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Pictured above: Me at the Parkrun event in Richmond/Olympic, Canada


Why I freaking love Parkrun!

  1. It is a health-conscious activity: It encourages regular participation in exercise that improves fitness and overall wellbeing (I mention this again in my next point). It has a great ability to improve your fitness and help you to maintain a healthy lifestyle.
  2. It promotes endorphins: and lots of good stuff. I’m no health expert but I know for sure that exercise has more benefits than I can count… for physical and mental wellbeing.
  3. It’s a supportive and welcoming environment: Everyone likes to feel a sense of belonging (I learned all about this in Year 12 English… thanks, Xavier High School). Parkrun is an extremely inclusive event where people can connect to each other. The event is community oriented and builds an amazing sense of community spirit. As I mentioned previously, people will often go for coffee afterward, which provides the chance to meet and interact with different people.
  4. It’s flexible: No one is going to make you go every week, it’s your choice when you can go so it’s not like a commitment you have to stick to even when you can’t make it for whatever reason.
  5. It caters for a diverse range of people: I’ve seen such a variety of people participate in the event from athletes to young children to older people to parents with their babies to those on a journey to lose weight.
  6. It’s accessible:. It’s open to anyone who comes along. Anyone can run, although you need to register online and bring your barcode along if you want your time to be matched to your name. It also isn’t hugely time consuming (usually the event is wrapped up within the hour) so you have time to go for coffee or get on with the rest of your day.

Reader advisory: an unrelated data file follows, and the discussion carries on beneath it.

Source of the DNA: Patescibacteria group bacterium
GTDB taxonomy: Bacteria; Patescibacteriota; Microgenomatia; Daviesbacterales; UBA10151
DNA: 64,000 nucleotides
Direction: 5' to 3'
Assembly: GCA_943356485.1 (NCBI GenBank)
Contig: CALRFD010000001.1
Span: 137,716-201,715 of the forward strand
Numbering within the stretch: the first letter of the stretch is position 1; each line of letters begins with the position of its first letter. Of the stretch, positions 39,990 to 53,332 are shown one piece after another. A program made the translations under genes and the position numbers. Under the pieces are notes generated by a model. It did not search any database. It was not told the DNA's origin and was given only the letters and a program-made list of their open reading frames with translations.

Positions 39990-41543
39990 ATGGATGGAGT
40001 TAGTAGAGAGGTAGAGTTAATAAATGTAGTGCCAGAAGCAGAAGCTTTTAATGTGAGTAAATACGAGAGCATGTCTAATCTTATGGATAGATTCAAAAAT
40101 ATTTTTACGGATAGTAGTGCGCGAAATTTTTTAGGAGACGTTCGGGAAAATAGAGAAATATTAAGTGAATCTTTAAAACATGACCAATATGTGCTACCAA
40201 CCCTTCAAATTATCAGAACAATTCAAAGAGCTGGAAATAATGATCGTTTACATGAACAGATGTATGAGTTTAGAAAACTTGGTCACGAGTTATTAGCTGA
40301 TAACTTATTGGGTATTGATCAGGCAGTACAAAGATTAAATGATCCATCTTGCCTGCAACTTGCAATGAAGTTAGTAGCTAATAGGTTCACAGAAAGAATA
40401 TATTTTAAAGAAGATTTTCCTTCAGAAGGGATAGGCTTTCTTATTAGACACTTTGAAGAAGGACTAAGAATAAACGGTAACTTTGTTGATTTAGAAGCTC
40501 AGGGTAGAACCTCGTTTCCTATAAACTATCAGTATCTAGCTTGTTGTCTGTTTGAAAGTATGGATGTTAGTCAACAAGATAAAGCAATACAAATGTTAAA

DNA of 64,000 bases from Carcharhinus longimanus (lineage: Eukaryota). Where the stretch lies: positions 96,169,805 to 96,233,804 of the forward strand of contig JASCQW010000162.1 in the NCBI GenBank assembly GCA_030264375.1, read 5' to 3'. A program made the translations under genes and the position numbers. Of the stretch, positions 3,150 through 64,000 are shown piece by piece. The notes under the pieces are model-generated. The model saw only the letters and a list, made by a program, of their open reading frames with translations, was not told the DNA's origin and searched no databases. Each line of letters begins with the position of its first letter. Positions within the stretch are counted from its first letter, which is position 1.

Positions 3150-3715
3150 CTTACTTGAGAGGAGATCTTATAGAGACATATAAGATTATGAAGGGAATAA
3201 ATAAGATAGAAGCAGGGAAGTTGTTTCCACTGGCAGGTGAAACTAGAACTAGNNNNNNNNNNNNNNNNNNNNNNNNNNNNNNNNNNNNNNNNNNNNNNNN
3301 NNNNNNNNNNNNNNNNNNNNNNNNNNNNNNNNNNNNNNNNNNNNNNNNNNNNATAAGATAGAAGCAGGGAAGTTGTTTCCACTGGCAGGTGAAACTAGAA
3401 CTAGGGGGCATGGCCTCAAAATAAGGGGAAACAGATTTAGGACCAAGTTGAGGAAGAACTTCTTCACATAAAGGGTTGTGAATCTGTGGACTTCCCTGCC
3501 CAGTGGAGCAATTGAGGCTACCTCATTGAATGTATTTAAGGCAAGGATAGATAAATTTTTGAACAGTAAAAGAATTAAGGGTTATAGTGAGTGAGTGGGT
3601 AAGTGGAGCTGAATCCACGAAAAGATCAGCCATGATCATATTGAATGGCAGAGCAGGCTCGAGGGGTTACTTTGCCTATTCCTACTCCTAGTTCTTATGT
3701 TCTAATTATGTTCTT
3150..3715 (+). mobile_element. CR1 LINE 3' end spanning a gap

7. It helps you track your progress: Because the course is 5km each time, it gives you the ability to easily track your progress each time you do it. It is great to be able to feel and see your progress each by improving your time and feeling the fitness gains.
  8. It’s free!! They say nothing comes free these days but damn, I would consider Parkrun to be an exception to the rule. Each event is supported by several sponsors and volunteers who make it possible to offer the event every week at no cost. For regular runners, it is encouraged that you put your hand up to volunteer every now and then so that the same people aren’t stuck volunteering each week.


You know how I mentioned my friend Noala earlier – She just did her 93rd Parkrun over the weekend so she is 7 runs away from completing 100 runs… At 68 years’ young. How incredible is that?

Oh, and my friend Paul – He continues to beat his Personal Best and just ran the Albury/Wodonga course in 25:29 (damn it, he’s faster than me… for now anyway!)

And if you’re keen to check it out, you can go to to read more about it and find your nearest Parkrun.

#family #friends #ilovemybrother #parkrun #fitness #travel #kickingoals #improving